Thomas v. Williams

Filing 9

ORDER - The amended petition for a writ of habeas corpus pursuant to 28 U.S.C. § 2254 (ECF No. 8 ) is denied. The Clerk of the Court is directed to enter judgment accordingly and to close this action. It is further ordered that a certificate of appealability will not issue. Signed by Chief Judge Miranda M. Du on 7/15/2021. (Copies have been distributed pursuant to the NEF - DRM)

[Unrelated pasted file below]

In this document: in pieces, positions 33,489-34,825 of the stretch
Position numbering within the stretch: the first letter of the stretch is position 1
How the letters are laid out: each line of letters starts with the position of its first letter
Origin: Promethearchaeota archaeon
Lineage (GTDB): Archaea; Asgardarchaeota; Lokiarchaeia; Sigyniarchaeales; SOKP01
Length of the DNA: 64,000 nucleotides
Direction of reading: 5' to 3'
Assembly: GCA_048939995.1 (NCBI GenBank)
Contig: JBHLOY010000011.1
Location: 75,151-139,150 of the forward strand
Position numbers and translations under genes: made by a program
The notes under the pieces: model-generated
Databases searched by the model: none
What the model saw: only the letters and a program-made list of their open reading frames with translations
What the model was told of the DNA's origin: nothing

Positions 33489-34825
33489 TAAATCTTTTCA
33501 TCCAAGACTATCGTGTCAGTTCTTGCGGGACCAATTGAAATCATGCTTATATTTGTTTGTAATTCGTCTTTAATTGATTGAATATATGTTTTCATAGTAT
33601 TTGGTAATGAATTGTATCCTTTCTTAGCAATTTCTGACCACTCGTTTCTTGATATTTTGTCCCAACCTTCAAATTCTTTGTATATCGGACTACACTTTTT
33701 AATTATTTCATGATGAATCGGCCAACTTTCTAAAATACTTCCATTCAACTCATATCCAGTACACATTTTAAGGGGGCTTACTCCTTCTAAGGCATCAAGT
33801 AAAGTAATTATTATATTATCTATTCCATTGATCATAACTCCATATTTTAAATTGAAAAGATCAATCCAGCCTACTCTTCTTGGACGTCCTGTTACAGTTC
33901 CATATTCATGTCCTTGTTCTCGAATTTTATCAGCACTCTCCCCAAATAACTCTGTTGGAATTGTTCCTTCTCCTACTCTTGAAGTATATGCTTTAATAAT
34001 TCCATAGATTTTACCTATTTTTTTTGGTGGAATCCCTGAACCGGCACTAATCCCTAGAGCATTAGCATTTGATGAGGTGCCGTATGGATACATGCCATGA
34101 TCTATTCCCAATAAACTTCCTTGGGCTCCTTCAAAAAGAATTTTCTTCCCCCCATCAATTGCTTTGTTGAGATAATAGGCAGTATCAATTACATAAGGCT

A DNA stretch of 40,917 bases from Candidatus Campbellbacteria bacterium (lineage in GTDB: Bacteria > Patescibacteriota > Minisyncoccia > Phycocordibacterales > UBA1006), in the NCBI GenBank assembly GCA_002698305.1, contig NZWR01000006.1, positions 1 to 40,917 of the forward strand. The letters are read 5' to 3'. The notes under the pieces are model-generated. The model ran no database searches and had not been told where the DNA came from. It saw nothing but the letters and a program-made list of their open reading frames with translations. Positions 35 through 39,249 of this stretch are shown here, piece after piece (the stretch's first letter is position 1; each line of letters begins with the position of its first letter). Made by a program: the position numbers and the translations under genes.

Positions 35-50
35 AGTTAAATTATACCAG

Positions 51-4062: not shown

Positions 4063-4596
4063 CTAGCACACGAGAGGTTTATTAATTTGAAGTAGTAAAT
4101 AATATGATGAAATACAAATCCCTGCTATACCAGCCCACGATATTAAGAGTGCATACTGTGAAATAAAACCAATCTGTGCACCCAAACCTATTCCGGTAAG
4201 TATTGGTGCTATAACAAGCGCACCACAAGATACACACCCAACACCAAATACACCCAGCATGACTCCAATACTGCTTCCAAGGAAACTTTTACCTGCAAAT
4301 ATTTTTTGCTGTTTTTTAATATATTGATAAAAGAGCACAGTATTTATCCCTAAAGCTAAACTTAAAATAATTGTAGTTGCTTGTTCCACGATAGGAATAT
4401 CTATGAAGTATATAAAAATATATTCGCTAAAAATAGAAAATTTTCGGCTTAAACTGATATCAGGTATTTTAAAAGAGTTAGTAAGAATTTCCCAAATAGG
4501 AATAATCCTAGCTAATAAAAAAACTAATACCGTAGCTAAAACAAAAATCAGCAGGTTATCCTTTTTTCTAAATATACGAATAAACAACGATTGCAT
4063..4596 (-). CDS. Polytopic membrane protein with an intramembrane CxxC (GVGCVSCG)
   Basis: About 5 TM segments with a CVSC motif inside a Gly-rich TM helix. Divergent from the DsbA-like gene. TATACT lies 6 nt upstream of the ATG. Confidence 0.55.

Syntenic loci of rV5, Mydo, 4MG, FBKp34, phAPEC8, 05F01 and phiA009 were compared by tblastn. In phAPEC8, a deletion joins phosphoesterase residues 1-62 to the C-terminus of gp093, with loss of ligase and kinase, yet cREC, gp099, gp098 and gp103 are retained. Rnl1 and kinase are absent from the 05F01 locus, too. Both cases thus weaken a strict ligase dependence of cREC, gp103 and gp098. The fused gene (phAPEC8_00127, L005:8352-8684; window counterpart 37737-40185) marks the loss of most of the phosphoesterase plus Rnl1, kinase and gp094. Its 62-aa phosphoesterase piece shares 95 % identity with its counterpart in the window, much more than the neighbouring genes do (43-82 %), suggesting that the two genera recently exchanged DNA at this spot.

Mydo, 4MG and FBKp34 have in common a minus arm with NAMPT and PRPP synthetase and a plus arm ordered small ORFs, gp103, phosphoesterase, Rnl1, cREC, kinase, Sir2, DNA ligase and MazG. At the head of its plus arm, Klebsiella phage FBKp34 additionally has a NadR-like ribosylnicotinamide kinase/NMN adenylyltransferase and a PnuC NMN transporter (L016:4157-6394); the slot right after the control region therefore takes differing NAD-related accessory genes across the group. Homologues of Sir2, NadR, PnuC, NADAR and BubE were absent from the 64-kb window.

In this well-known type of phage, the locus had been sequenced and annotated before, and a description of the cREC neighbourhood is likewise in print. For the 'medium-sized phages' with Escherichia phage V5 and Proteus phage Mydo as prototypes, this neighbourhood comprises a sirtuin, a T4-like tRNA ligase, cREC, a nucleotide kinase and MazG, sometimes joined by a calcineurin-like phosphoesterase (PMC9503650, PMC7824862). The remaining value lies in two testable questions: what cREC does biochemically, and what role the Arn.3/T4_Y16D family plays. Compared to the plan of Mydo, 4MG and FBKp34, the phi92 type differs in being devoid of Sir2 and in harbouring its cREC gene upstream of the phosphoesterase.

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1 2 3 UNITED STATES DISTRICT COURT 4 DISTRICT OF NEVADA 5 *** 6 EDDIE JAMES THOMAS, JR., Case No. 3:21-cv-00096-MMD-WGC Petitioner, 7 ORDER v. 8 BRIAN WILLIAMS, 9 Respondent. 10 11 I. SUMMARY 12 This is a habeas corpus action under 28 U.S.C. § 2254. Previously, the Court 13 directed Petitioner Eddie Thomas to file an amended petition. (ECF No. 5.) Thomas has 14 filed an amended petition. (ECF No. 7 (“Petition).) The Court has reviewed it under Rule 15 4 of the Rules Governing Section 2254 Cases in the United States District Courts. The 16 Court denies the Petition because it lacks merit. 17 II. BACKGROUND 18 After a jury trial in the state district court, Thomas was convicted of five counts of 19 statutory sexual seduction. The state district court adjudicated Thomas as a habitual 20 criminal under NRS § 207.010(1)(a) (1997). The state district court imposed three 21 consecutive prison sentences with minimum terms of 96 months and maximum terms of 22 240 months (counts I-III) and two prison sentences with minimum terms of 96 months and 23 maximum terms of 240 months (counts IV-V) that run concurrently with counts I-III. 24 Thomas v. State, Case No. 49486 (Nev. Dec. 10, 2007).1 25 In 2013, the Nevada Legislature passed a law that created aggregate sentencing 26 for some offenses, effective July 1, 2014. NRS § 176.035(1), (2) (2013). Thomas, who 27 28 1 takes judicial notice of the on-line docket of the Nevada Supreme Court. The Court 1 had been sentenced before July 1, 2014, could make an irrevocable election on or after 2 that date to aggregate his consecutive sentences. NRS. § 213.1212(3) (2013) (now NRS 3 § 213.1212(5)). Two exceptions applied to Thomas' sentences. First, while in prison 4 Thomas was convicted of battery by a prisoner. He must serve that sentence 5 consecutively to any other sentences, and that sentence may not be aggregated. NRS 6 § 176.035(3). Second, if Thomas "has been considered for parole on one or more of the 7 sentences, the Department of Corrections shall aggregate only the sentences for which 8 parole has not been considered." NRS § 213.1212(3)(b) (2013) (now NRS 9 § 213.1212(5)(b)). 10 On October 2, 2013, the parole board considered Thomas' first consecutive 11 sentence and the two concurrent sentences. The parole board deferred any action 12 because it first wanted Thomas to undergo an evaluation. (ECF No. 8 at 18.) 13 On January 16, 2014, the parole board again considered Thomas' first consecutive 14 sentence and the two concurrent sentences. The parole board took no action because 15 Thomas "indicates an interest in aggregating his/her consecutive sentence(s). No action 16 is taken to allow the inmate time to research and make a determination whether to opt- 17 in." (ECF No. 8 at 20.) 18 No later than April 14, 2014, Thomas sent to the Nevada Department of 19 Corrections (“NDOC”) a request for aggregation of his consecutive sentences. (ECF No. 20 8 at 22.) 21 On April 17, 2014, the parole board again considered Thomas' first consecutive 22 sentence and the two concurrent sentences. This time, the parole board denied Thomas 23 parole from those sentences. (ECF No. 8 at 24.) 24 On July 1, 2014, the aggregate-sentencing law went into effect. 25 On December 11, 2014, the NDOC aggregated Thomas' sentences, "beginning 26 with Level 2." (ECF No. 8 at 22.) 27 28 2 1 At the end of February 13, 2017, Thomas' first consecutive sentence and the two 2 concurrent sentences expired. Thomas started serving his remaining two consecutive, 3 aggregated sentences on February 14, 2017. (ECF No. 8 at 55.) 4 Thomas earned credits toward his sentence pursuant to the version of NRS 5 § 209.4465 (2003) in effect at the time. At the time, § 209.4465(7) stated, "Credits earned 6 pursuant to this section: (a) Must be deducted from the maximum term imposed by the 7 sentence; and (b) Apply to eligibility for parole unless the offender was sentenced 8 pursuant to a statute which specifies a minimum sentence that must be served before a 9 person becomes eligible for parole." However, another law stated, at the time, "Except as 10 otherwise provided in NRS 213.1213 and as limited by statute for certain specified 11 offenses, a prisoner who was sentenced to prison for a crime committed on or after July 12 1, 1995, may be paroled when he has served the minimum term of imprisonment imposed 13 by the court. Any credits earned to reduce his sentence pursuant to chapter 209 of NRS 14 while the prisoner serves the minimum term of imprisonment may reduce only the 15 maximum term of imprisonment imposed and must not reduce the minimum term of 16 imprisonment." NRS § 213.120 (1995). The NDOC did not apply good-time credits toward 17 Thomas' minimum terms. 18 On October 5, 2017, the Nevada Supreme Court held that the NDOC was 19 interpreting the statutes incorrectly. Good-time credits apply to sentences like Thomas', 20 because the statute under which Thomas was sentenced did not specify a minimum term 21 before becoming eligible for parole. Williams v. State, 402 P.3d 1260 (Nev. Oct. 5, 2017); 22 e.g., 23 § 207.010(1)(b)(2), (3) (1997) ("eligibility for parole beginning when a minimum of 10 24 years has been served"). compare NRS § 207.010(1)(a) (1997) (a "minimum term") with NRS 25 The NDOC was not alone in its interpretation. For example, the state district court 26 in Thomas' case used "minimum term" and "eligibility for parole beginning when a 27 minimum" interchangeably. The sentence for each count in his judgment of conviction 28 states, "TO A MAXIMUM of TWO HUNDRED FORTY (240) MONTHS with a MINIMUM 3 1 Parole Eligibility of NINETY-SIX (96) MONTHS." Thomas v. Baca, Case No. 3:13-cv- 2 00043-MMD-WGC (ECF No. 23) (italics added, capitalization in original). However, NRS 3 § 207.010(1)(a) says nothing about parole eligibility. 4 Before the Nevada Supreme Court decided Williams, Thomas had filed a habeas 5 corpus petition in the state district court. He argued that good-time credits should have 6 applied to his minimum term. The state district court initially denied Thomas' petition 7 orally, but the Nevada Supreme Court decided Williams before the state district court 8 issued its written order. The state district court reversed itself and granted Thomas' 9 petition. (ECF No. 8 at 51-54.) By that time, Thomas' first consecutive sentence had 10 expired fully, on February 13, 2017. Nevada does not have retroactive parole. Niergarth 11 v. Warden, 768 P.2d 882, 883-84 (Nev. 1989). Additionally, Thomas could not be paroled 12 from an expired sentence. Johnson v. Dir., Nev. Dep’t of Prisons, 774 P.2d 1047, 1049 13 (Nev. 1989). The grant of relief thus applied to the aggregated minimum term for Thomas' 14 remaining two sentences. 15 On February 11, 2019, Thomas filed another habeas corpus petition in the state 16 district court. The state district court dismissed the petition as procedurally barred 17 because it was successive. On appeal, the Nevada Court of Appeals disagreed that the 18 petition was successive. Nevertheless, it affirmed because the state district court reached 19 the right result for the wrong reason. (ECF No. 8 at 76 (citing Wyatt v. State, 468 P.2d 20 338, 341 (Nev. 1970)).) The claim that Thomas raised is the same as what he raises now 21 in this Court. 22 III. DISCUSSION 23 Thomas argues that the NDOC should have aggregated his sentences under NRS 24 § 213.1212(3) (2013), upon submission of his request no later than April 14, 2014. That, 25 in turn, should have stopped the parole board from considering and denying parole on his 26 first consecutive sentence on April 17, 2014. If all three sentences would have been 27 aggregated, then he would have been serving the minimum aggregate term when the 28 Nevada Supreme Court decided Williams in October 2017. Then, the state district court 4 1 would have granted him relief under 2 Williams, allowing good-time credits to apply to the total minimum aggregate term for all 3 three sentences. Thomas argues that with those credits, his minimum aggregate term 4 and eligibility for parole would have been 12 years from sentencing. Instead, Thomas 5 alleges that he had to serve his first consecutive sentence through to expiration, 11 years 6 after taking good-time credits into account, and then he has another 8 years of the 7 minimum aggregate term of the two remaining consecutive sentences before becoming 8 eligible for parole.2 9 Under state law, parole is an act of legislative grace, and no person has a right to 10 be released on parole. NRS § 207.10705. The Ninth Circuit Court of Appeals thus has 11 held that a prisoner in Nevada does not have a constitutionally protected liberty interest 12 in being released on parole. Moor v. Palmer, 603 F.3d 658, 662-63 (9th Cir. 2010). 13 Additionally, a person does not have a constitutionally protected liberty interest in the 14 processes used to determine whether to grant parole. Olim v. Wakinekona, 461 U.S. 238, 15 250 (1983); see also Dist. Att'y’s Office v. Osborne, 557 U.S. 52, 67-68 (2009). 16 Consequently, despite titling his sole ground for relief as a violation of the Due 17 Process Clause, Thomas has alleged only that Respondents violated state law. However, 18 errors of state law are not addressable in federal habeas corpus. Pulley v. Harris, 465 19 U.S. 37, 41 (1984). Thomas' Petition thus is without merit. 20 Thomas' comparison of his case with Dumlao v. Daniels, 481 F. Supp. 2d 1153 (D. 21 Or. 2007), is inapposite. Dumlao, a federal prisoner, applied for the Residential Drug 22 Abuse Treatment Program under 18 U.S.C. § 3621(e). 481 F. Supp. 2d at 1154. The 23 Federal Bureau of Prisons took four months, without adequate explanation, to approve 24 his application and place him on the waiting list for the program. Id. By that time, Dumlao 25 alleged that he thus was not able to use the incentive of the one-year reduction in his 26 sentence. Id. The federal district court ordered counsel for the parties to determine 27 Dumlao's proper ranking for the waiting list as if the Bureau of Prisons had declared 28 2The Court has not verified his calculations. 5 1 Dumlao eligible on the day that he had filed a complete application with sufficient 2 documentation. Id. at 1155. 3 Dumlao has two factors that distinguish it from Thomas' case. First, Congress by 4 law authorized the Residential Drug Abuse Treatment Program. The Fifth Amendment 5 guaranteed that Dumlao could not be denied due process of that law. In contrast, as noted 6 above, parole in Nevada is not a constitutionally guaranteed liberty interest protected by 7 the Due Process Clause of the Fourteenth Amendment. Second, when Dumlao applied 8 for the Residential Drug Abuse Treatment Program, 18 U.S.C. § 3621(e) was in effect at 9 the time. The Bureau of Prisons could have acted upon Dumlao's application immediately 10 upon its completion. In contrast, Nevada's sentence-aggregation statute, NRS 11 § 213.1212, did not go into effect until July 1, 2014. The NDOC could not have acted upon 12 Thomas' election to aggregate his sentence until that date, because any aggregation 13 before then would have been illegal. Reasonable jurists would not find the Court's determinations to be debatable or 14 15 wrong, and the Court will not issue a certificate of appealability. 16 IV. It is therefore ordered that the amended petition for a writ of habeas corpus 17 18 pursuant to 28 U.S.C. § 2254 (ECF No. 8) is denied. The Clerk of the Court is directed to enter judgment accordingly and to close this 19 20 CONCLUSION action. 21 It is further ordered that a certificate of appealability will not issue. 22 DATED THIS 15th Day of July 2021. 23 24 25 26 MIRANDA M. DU CHIEF UNITED STATES DISTRICT JUDGE 27 28 6